AUGUSTA – Hundreds of developmentally disabled Mainers who have long been on waiting lists for key support services will receive funding for home- and community-based care under an agreement ratified early Wednesday by the Legislature’s budget-writing committee.

The unanimous agreement is part of a $30 million budget deal for the fiscal year that begins July 1. If approved by the full Legislature, the $5 million care provision will leverage additional federal funds to reduce or eliminate two waiting lists for approximately 300 disabled young and middle age adults, including approximately 70 priority individuals who qualify for 24-hour home-based care and who would otherwise be institutionalized. Also included are about 200 people who will receive community and employment support services to ensure that they remain engaged in public life.

Mary Lou Dyer, director for the Maine Association for Community Service Providers, said the agreement would help some of the state’s most vulnerable citizens. Dyer said the funding will likely delay the need for intensive, and more expensive, 24-hour home-based care services for people who often suffer from intellectual disabilities and are frequently cared for by aging or elderly parents – some of whom have had to quit their jobs to take care of loved ones.

The care provision was part of a budget deal that lawmakers struck during the early morning hours Wednesday. It stands as one of the most significant proposals in the budget agreement and an abbreviated legislative session thus far dominated by partisan debates that will play into this year’s legislative campaigns.

The waiting lists have been thrust into one of those debates, as the LePage administration has used them to bolster its case against expanding Medicaid health care to more than 60,000 people through the Affordable Care Act. The administration has repeatedly said that the state should not expand Medicaid when it cannot provide funding for already eligible people who are waiting for services.

The budget committee’s agreement is not expected to change the Medicaid expansion debate. LePage vetoed the expansion bill Wednesday, setting up at least one override vote in the Senate either this week or next.


The administration has not submitted a budget plan to address the wait lists. The governor has also declined to participate in the current budget process, because lawmakers rejected his budget proposal last year and then overrode his veto of the budget enacted by the Legislature.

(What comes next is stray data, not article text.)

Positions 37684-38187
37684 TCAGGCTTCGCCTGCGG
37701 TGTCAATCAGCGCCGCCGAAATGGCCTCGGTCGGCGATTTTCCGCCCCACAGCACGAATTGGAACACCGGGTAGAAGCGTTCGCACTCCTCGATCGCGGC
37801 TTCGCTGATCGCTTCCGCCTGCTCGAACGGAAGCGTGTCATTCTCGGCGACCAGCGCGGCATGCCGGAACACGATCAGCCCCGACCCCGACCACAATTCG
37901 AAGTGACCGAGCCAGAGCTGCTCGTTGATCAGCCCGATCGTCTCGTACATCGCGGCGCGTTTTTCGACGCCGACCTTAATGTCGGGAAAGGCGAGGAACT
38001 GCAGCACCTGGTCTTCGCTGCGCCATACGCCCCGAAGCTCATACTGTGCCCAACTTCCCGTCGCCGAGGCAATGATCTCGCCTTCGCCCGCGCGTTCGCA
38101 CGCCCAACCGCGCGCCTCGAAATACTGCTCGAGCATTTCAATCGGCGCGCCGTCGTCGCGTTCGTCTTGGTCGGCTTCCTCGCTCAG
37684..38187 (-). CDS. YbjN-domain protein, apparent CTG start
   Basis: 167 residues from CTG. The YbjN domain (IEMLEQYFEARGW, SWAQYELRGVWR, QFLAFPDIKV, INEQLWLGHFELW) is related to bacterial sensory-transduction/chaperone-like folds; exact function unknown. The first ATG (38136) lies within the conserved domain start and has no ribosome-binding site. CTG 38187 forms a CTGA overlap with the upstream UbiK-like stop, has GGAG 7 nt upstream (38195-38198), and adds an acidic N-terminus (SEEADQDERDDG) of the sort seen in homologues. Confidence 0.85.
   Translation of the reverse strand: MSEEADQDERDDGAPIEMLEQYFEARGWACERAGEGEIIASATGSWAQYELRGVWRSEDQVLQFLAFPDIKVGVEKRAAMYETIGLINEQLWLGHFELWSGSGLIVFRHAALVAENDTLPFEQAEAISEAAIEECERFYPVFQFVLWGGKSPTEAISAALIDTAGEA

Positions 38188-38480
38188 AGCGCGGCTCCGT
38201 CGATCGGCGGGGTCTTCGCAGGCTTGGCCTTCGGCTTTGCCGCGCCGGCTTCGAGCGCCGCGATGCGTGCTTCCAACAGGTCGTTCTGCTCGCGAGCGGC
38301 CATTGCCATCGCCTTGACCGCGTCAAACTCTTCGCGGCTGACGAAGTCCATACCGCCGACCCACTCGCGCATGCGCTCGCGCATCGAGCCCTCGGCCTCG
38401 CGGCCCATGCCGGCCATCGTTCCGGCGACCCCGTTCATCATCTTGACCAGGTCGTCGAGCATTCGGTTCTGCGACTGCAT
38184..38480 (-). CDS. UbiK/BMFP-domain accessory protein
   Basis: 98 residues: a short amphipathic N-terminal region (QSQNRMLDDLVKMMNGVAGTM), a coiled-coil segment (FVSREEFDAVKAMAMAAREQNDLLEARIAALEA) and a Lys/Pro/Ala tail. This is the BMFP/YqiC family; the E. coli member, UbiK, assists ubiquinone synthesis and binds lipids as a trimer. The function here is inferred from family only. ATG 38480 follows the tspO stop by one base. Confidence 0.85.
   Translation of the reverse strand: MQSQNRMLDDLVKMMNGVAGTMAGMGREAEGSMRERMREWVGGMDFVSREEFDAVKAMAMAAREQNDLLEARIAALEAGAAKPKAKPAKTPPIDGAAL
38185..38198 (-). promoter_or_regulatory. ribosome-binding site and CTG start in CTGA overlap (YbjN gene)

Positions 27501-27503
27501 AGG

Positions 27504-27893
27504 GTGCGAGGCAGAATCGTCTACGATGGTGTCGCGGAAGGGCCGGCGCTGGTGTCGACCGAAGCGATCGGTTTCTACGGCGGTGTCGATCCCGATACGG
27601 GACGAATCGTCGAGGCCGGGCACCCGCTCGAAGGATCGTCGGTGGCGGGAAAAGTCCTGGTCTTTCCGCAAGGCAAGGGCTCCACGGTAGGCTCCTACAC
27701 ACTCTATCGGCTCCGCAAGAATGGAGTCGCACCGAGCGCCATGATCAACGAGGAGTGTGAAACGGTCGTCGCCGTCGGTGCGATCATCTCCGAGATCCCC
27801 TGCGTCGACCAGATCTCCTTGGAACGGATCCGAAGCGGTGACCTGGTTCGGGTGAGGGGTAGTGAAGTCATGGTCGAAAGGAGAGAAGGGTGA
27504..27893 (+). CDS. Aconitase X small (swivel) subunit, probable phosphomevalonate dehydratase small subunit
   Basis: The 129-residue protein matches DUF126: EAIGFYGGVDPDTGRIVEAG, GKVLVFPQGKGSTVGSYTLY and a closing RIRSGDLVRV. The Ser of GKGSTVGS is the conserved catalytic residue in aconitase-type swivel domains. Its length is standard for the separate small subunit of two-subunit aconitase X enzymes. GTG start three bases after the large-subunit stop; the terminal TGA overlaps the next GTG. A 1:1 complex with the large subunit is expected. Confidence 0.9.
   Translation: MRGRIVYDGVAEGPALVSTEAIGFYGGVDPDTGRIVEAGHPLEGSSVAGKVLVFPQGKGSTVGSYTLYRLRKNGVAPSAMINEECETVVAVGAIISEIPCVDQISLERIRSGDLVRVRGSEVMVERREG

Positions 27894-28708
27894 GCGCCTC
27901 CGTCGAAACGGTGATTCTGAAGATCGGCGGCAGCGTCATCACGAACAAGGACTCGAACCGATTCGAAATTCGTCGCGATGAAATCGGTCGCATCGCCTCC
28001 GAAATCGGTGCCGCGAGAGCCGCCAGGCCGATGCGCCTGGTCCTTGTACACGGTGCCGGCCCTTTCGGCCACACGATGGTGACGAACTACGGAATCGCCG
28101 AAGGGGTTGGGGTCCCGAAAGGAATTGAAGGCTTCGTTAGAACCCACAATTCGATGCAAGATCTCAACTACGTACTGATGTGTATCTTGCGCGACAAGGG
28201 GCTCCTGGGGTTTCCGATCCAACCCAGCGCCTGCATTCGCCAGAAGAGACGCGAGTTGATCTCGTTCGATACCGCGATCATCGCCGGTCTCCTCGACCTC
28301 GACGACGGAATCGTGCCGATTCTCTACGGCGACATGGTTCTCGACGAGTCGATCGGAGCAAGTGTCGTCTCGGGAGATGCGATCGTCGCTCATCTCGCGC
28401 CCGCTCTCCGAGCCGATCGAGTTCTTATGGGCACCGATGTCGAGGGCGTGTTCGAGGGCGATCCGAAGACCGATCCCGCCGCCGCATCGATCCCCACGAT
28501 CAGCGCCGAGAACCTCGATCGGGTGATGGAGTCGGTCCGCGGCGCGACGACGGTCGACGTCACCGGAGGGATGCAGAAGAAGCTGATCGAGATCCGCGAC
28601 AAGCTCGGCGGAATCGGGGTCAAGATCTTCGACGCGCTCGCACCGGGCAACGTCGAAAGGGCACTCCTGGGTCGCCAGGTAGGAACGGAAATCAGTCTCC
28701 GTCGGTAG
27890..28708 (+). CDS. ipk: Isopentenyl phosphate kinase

Although that budget included $10.4 million to fund services to residents on the waiting lists, hundreds of individuals still remained without services.

Nonetheless, the governor on Wednesday submitted a bill that would fund the wait lists by cutting state aid to municipalities — funding that LePage has attempted to axe before but widely rejected by the Legislature. His proposal has yet to be referenced to a legislative committee, but could affect Republican support for the plan approved by the budget committee on Wednesday.

According to Dyer, Sen. Patrick Flood, R-Winthrop, played a key role in ensuring that the waiting lists were funded in the budget plan adopted early Wednesday morning. Flood worked with other members of the budget panel to develop what Dyer described as “imaginative” funding mechanisms to address a problem that has dogged the Legislature for several years. The waiting lists were also the subject of a court action last year that effectively compelled the LePage administration to cover the qualified recipients, some of whom currently receive only some of the care services for which they qualify.

Funding for the budget bill is derived through a variety of savings initiatives, including $20 million by extending some Medicaid reimbursement payments to Maine’s hospitals into the next fiscal year, $3 million in savings from payment audits of Medicaid providers and $3.5 million in unspent funds through the Finance Authority of Maine, the House Opportunity Maine and Dirigo Health.

Also funding the bill are savings within the state’s Medicaid program achieved this year when thousands of adults with children were dropped from the program by the previous Legislature.


Other components of the overall budget deal include $5 million in reimbursement payments for Maine’s nursing homes. In addition, several education programs will also receive funding, including $650,000 for the Bridge Year program, $300,000 in funding for Jobs for Maine’s Graduates and $750,000 for Head Start. The budget also gives $750,000 for homestead reimbursements.

“Our bipartisan proposal provides critical funding for our seniors, individuals with disabilities, and for those suffering from mental illness,” said Rep. Peggy Rotundo, D-Lewiston, in a prepared statement. “For months, lawmakers have emphasized the importance of moving our most vulnerable citizens off of wait lists for home care. At the same time, we’ve also heard from our nursing homes about the crisis they face, especially in rural areas, where some may be forced to close their doors. We took a responsible and collaborative approach to address both of these concerns.”

Republicans said the budget deal and the proposal to reduce and eliminate the waiting lists reflected improved priorities of lawmakers, a reference to the Medicaid expansion debate.

“If we expand Medicaid, we’ll have to divert this funding away from the disabled Mainers on the wait lists and use it to re-expand coverage to 15,000 able-bodied adults of working age,” said assistant House Republican leader Alex Willette, of Mapleton. “It’s time we get our priorities straight in our Medicaid program and refocus it to help Maine’s most vulnerable people, and this budget is an important step in doing just that.”

Steve Mistler can be contacted at 791-6345 or at:

Twitter: @stevemistler


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